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As a blogger on Linked In, I am experimenting on different aspects of blogging including understanding the analytics of the blog reach. Linked in provides a very basic and simple UI page to understand the trend of a certain blog post.

By the first look at it, a blogger will get to know

  • The number of views
  • The number of likes
  • The number of comments
  • The number of shares


The aggregated number of views for different time periods, Last 7 days, Last 15 days, Last 30 days etc can be seen as part of the same page. While I love the simplicity of this entire page, there is a very interesting observation I made in the analytics of the two posts.


The number of views is inconsistent during that initial 15-30 days after the post is published.


The rolling count eventually gets to the correct number. However, this small problem affects the experience for view count for the first two weeks.


Here is the example statistic on my homepage of the linked in, as of Aug 11th.



At the same time, here is the view count on the Analytics Page:

Analytics1 Analytics2 Analytics3 Analytics4        

This is a snapshot on Aug 11th, the actual total is 151(6+88+57).


The top view count shows a different number(133) and the homepage view shows a different number(127). The actual count is a different number(151).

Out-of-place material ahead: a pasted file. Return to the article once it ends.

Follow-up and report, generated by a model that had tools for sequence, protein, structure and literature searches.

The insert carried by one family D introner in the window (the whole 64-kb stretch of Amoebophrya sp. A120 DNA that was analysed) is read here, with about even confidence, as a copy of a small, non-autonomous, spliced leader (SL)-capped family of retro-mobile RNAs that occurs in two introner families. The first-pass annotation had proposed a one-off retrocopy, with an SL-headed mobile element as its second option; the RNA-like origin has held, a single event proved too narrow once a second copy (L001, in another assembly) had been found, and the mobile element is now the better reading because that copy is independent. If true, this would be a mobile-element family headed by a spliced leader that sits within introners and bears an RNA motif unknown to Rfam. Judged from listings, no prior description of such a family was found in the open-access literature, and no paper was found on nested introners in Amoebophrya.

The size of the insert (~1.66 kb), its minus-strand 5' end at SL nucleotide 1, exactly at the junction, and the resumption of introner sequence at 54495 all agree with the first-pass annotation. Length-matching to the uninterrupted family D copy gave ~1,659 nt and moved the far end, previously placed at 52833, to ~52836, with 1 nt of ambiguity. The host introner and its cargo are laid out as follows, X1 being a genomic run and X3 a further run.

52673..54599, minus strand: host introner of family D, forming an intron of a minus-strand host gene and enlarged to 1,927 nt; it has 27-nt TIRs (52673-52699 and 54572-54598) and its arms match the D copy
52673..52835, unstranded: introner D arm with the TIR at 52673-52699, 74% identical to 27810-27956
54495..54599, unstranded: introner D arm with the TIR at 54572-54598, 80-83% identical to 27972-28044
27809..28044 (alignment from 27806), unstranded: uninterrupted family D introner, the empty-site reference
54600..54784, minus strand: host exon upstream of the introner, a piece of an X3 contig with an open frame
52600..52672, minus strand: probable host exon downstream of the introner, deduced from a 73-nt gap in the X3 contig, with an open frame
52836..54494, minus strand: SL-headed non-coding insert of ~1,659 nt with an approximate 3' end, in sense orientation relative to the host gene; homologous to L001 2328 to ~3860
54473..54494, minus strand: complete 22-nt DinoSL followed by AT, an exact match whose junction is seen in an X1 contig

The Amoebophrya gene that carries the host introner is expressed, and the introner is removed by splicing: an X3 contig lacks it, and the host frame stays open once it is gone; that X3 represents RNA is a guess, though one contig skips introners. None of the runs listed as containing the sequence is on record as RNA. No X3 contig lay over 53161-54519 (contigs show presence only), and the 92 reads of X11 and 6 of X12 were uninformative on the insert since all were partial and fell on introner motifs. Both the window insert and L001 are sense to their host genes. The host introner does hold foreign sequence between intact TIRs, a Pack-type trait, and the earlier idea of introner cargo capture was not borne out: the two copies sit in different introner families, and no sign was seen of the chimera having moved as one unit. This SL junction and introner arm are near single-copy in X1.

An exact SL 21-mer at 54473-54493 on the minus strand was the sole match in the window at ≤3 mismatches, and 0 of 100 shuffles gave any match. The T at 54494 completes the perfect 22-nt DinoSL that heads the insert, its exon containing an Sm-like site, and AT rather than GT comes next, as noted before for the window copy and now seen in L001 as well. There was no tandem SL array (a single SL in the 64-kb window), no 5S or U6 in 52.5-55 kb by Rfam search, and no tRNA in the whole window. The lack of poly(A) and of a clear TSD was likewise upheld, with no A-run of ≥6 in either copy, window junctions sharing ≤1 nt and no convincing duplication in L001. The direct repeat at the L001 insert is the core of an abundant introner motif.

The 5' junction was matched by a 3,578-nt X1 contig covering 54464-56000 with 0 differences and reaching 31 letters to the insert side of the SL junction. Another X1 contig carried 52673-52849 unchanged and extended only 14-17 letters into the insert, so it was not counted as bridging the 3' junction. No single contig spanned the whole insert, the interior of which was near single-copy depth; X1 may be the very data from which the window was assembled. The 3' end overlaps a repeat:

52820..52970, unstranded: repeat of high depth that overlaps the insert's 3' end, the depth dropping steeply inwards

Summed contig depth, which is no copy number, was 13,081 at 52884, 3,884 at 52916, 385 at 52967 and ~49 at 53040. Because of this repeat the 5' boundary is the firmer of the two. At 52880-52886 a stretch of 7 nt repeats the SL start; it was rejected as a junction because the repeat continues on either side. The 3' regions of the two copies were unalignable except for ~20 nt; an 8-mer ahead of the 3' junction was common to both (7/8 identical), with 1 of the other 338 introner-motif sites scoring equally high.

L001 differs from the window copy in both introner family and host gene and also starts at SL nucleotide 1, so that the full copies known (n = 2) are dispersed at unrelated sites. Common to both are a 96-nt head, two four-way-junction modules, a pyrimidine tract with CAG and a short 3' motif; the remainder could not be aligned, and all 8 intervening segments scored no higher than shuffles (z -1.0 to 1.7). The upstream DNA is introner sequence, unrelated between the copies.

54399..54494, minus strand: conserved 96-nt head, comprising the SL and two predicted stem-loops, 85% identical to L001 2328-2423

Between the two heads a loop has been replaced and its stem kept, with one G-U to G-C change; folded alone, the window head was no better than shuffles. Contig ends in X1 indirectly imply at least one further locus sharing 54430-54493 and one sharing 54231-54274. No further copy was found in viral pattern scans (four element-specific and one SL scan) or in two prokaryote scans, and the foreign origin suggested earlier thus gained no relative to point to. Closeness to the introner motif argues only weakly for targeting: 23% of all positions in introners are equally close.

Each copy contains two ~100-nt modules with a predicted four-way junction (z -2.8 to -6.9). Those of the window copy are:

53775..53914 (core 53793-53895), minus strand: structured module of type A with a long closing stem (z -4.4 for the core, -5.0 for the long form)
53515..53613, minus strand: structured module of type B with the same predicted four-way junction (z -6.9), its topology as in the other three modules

I am sure all these totals were mathematically correct by the software services feeding these pages, based on reasons unseen to the user. Once the view per day started decreasing for my post, the above count starting becoming more and more consistent.


Of course, this is a minor glitch compared to the overall experience using Linked in and the reach Linked in posts provide.


Consistency is an important aspect of the user experience.


I’ve seen some seasoned bloggers on Linked in use this statistic to provide more insights on the analytics of their posts, so I can’t help but wonder whether they faced similar glitches, or since the view count is comparatively higher, perhaps this difference is very negligible.


The little things do catch the user’s eye!